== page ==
At the very center of any fibre’s journey, once it has become part of a knitted or woven fabric, are the dyeing and finishing stages of textile production. Dyeing and finishing currently involves many washing and drying process steps which add a huge burden to the overall carbon footprint of finished.

Coloreel expansion

Here is where the latest fully digital technologies of TMAS member companies are making a dramatic difference, such as the instant thread coloration technology, of Coloreel, which has just raised SEK 100 in new financing to support its market expansion and growth.

Producers and brands are welcome to visit the 7H plant in Borås where new Dye-Max is in daily production.

Initially targeting the embroidery market, Coloreel technology enables the high-quality and instant coloring of a textile thread while it is actually being used in production and can be paired with any existing embroidery machine without modification, while also making it possible to produce gradients in an embroidery for the first time.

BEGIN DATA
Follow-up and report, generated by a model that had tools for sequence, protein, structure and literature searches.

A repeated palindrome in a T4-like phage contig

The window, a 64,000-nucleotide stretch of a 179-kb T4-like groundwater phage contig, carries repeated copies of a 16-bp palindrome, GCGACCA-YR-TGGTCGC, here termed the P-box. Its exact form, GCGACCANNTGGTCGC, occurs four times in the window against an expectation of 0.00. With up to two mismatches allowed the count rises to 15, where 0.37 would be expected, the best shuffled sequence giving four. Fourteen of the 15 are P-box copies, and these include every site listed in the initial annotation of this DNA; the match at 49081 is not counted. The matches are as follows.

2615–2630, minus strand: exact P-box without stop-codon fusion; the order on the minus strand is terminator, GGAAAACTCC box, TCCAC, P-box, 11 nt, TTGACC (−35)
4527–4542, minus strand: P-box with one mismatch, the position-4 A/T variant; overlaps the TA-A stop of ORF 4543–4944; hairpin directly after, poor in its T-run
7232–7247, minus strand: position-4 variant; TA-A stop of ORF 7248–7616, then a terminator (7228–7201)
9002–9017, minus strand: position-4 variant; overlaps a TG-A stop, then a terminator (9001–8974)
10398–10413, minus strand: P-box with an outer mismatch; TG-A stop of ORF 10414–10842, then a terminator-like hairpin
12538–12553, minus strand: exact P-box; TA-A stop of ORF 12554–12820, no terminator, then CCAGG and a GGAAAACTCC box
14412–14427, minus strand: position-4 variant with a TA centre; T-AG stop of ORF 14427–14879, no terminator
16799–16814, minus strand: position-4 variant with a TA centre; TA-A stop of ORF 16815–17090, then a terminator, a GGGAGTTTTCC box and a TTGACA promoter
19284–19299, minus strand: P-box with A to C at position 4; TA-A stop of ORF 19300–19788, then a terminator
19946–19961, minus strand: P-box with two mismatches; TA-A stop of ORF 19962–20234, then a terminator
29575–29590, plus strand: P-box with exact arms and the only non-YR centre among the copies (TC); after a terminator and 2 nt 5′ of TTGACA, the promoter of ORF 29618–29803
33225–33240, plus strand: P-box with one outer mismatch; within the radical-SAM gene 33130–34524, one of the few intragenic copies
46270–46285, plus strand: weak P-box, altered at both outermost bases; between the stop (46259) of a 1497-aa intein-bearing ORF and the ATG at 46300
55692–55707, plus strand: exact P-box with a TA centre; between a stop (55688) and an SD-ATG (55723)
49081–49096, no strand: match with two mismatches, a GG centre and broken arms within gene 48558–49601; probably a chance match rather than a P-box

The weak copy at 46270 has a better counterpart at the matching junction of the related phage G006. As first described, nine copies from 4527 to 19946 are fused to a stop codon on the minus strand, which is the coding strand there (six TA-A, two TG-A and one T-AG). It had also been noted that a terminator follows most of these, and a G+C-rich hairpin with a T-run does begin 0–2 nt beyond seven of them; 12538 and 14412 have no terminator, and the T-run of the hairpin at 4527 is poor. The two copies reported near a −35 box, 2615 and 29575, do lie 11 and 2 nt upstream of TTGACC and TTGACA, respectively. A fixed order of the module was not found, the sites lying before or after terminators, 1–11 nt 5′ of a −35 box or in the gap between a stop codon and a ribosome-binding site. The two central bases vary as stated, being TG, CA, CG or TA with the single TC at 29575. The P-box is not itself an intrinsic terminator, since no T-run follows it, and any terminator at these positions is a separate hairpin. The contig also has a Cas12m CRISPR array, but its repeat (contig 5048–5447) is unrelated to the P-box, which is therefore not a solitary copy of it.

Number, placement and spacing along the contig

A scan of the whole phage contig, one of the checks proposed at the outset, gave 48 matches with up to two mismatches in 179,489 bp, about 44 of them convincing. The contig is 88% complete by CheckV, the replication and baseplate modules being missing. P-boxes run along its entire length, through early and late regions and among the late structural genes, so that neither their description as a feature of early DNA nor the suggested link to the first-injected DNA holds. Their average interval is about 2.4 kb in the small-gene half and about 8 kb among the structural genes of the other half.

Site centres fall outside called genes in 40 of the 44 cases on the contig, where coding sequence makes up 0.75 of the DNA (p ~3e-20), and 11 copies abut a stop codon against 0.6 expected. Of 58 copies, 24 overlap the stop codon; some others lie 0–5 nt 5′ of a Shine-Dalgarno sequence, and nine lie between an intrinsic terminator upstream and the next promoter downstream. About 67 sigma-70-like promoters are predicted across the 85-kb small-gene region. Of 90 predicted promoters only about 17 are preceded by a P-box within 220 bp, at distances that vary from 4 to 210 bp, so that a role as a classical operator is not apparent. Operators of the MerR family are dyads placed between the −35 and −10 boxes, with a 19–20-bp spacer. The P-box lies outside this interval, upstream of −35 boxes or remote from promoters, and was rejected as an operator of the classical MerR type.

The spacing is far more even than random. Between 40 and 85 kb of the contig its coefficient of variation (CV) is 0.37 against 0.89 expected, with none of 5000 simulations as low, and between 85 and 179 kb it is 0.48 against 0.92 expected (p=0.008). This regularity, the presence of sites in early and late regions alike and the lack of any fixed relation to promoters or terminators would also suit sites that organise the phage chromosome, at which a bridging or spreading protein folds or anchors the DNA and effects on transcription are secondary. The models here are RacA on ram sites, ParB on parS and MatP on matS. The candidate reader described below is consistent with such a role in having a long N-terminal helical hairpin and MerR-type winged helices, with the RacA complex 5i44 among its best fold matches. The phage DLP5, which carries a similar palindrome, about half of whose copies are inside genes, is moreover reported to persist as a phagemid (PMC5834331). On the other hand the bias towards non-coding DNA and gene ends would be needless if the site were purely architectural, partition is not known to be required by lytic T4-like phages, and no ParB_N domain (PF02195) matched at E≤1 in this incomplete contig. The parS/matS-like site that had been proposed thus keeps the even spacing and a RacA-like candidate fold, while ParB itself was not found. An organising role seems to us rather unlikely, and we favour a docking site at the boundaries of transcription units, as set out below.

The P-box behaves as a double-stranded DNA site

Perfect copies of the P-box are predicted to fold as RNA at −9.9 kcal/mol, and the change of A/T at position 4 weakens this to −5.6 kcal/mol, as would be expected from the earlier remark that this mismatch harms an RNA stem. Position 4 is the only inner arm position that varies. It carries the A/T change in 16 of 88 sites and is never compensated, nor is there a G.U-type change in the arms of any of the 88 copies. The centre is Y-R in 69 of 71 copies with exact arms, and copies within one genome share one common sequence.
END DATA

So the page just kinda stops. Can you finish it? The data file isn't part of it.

Based on a CMYK ink system, Coloreel’s advanced rapid color formulation software and high-speed drive technology allow a single needle to carry out what previously required many multiples of them to do – and with much more consistent stitch quality,

In addition, existing thread dyeing plants can add a single solid color to a thread, but by instantly coloring a white base thread during production, Coloreel enables complete freedom to create unique embroideries without any limitations in the use of colors. Color changes along the thread can either be made rapidly from one solid color to another, or gradually, to make smooth transitions or any colouring effect desired.